NASB (UPDATED) TEXT: 15:15-18
15You who know, O Lord,
Remember me, take notice of me,
And take vengeance for me on my persecutors.
Do not, in view of Your patience, take me away;
Know that for Your sake I endure reproach.
16Your words were found and I ate them,
And Your words became for me a joy and the delight of my heart;
For I have been called by Your name,
O Lord God of hosts.
17I did not sit in the circle of merrymakers,
Nor did I exult.
Because of Your hand upon me I sat alone,
For You filled me with indignation.
18Why has my pain been perpetual
And my wound incurable, refusing to be healed?
Will You indeed be to me like a deceptive stream
With water that is unreliable?
15:15-18 This is Jeremiah's prayer for YHWH to take notice of his faithfulness and service. Notice the names for Deity.
1. "Thou who knowest" (BDB393, KB 390, Qal perfect)
2. "O YHWH" (i.e., YHWH)
3. "Thy name"
4. "O Lord of hosts" (see Special Topic below)
These are all covenant names (cf. v. 16, line 2, see Special Topic 1:2). If Judah has not been faithful, Jeremiah has and he has suffered for it.
15:15 Notice the prayer requests (i.e., imperatives) in this verse.
1. remember me - BDB 269, KB 269, Qal imperative
2. take notice of me (lit. "visit me," see note at 15:3) - BDB 823, KB 955, Qal imperative
3. take vengeance for me - BDB 667, KB 721, Niphal imperative
4. do not take me away - BDB 542, KB 534, Qal imperfect used in a jussive sense
5. know that for Your sake I endure reproach - BDB 383, KB 390, Qal imperative
15:16 Jeremiah is expressing, even in the midst of persecution (i.e., v. 15), the joy (BDB 965) and delight (BDB 970) of being YHWH's prophet. The idiom "I ate them" refers to God's message (cf. Ezek. 3:3).
Some commentators have suggested that the phrase "Your words were found" refers to the discovery of the Law found in the remodeling of the Temple during Josiah's reign (cf. II Kings 22; II Chronicles 34; i.e., 621 b.c.).
15:17-18 Jeremiah describes how being God's prophet affected his life.
1. I did not sit in the circle of merrymakers
2. I did not exult
3. I sat alone
He states that this is a result of YHWH's call.
1. Your hand was upon me
2. You filled me with indignation
3. I have perpetual pain
4. I have an incurable wound
15:18c-d This is one of the most shocking assertions about YHWH in the OT. Jeremiah feels so comfortable with YHWH that he can express himself in hyperbolic imagery (exactly the opposite of 2:13).
1. YHWH is like a deceptive stream (BDB 469). This phrase is intensified by the presence of an infinitive absolute and imperfect verb of "to be" (BDB 224, KB 243).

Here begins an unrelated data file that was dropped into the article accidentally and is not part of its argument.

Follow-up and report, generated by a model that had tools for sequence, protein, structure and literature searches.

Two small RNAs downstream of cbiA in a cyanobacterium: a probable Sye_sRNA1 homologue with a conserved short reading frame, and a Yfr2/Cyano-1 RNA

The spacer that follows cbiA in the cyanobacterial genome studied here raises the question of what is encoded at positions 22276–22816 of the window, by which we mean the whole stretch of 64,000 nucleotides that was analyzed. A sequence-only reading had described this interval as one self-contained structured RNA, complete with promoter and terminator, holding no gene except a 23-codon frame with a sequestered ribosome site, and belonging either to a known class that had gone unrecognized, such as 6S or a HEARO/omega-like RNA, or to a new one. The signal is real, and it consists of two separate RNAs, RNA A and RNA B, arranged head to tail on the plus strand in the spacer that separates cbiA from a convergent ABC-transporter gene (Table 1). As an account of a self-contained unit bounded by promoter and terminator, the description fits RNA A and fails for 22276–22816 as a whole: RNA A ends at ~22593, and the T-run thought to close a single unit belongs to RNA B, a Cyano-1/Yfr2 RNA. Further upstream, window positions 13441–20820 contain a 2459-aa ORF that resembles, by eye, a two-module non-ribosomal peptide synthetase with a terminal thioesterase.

2. The parallel line is like water that is unreliable (BDB 52, KB 63, Niphal perfect, see Special Topic at 3:12; and Special Topic below).
NASB (UPDATED) TEXT: 15:19-21
19Therefore, thus says the Lord,
"If you return, then I will restore you-
Before Me you will stand;
And if you extract the precious from the worthless,
You will become My spokesman.
They for their part may turn to you,
But as for you, you must not turn to them.
20Then I will make you to this people
A fortified wall of bronze;
And though they fight against you,
They will not prevail over you;
For I am with you to save you
And deliver you," declares the Lord.
21"So I will deliver you from the hand of the wicked,
And I will redeem you from the grasp of the violent."
15:19-21 YHWH answers Jeremiah's complaints and requests. YHWH is apparently offended by Jeremiah's characterization in 18c-d. Jeremiah himself must repent (BDB 996, KB 1427, Qal imperfect; see Special Topic at 2:22).
If Jeremiah "turns back" to YHWH, then YHWH will restore (same verb) him. The covenant always has two parties.
The play on the word "return" (used four times in v. 19) continues in v. 19f-g. Jeremiah, as YHWH's spokesman, would hopefully have the Judeans come to him to hear God's word, but he must be careful not to be influenced by their apparent response.
One wonders how much Jeremiah's sense of rejection and prayer for protection and vengeance is meant to reflect the feelings of the godly remnant of Judah/Jerusalem. Often the prophet feels for YHWH. Is it possible he now feels for the repentant remnant?
15:19 "And if you extract the precious from the worthless" I like what UBS Handbook (p. 379) says about line 4, "the precious is YHWH's message (v. 16) and the worthless is Jeremiah's evaluation" (cf. v. 18, lines 3-4).
15:20 This alludes to 1:18-19. Jeremiah must be strong to face the opposition that will surely come for speaking the true word of God.
▣ "save. . .deliver" These are in a parallel relationship. They both refer to physical deliverance (BDB 446, KB 448, Hiphil infinitive construct; BDB 664, KB 717, Hiphil infinitive construct). The second verb is repeated in v. 21 (Hiphil perfect), parallel to "ransom" (BDB 804, KB 911, Qal perfect, see Special Topic below).
15:21 "deliver. . .redeem" These are also in a parallel relationship. For "redeem" (BDB 804, KB 911, Qal perfect) see Special Topic below.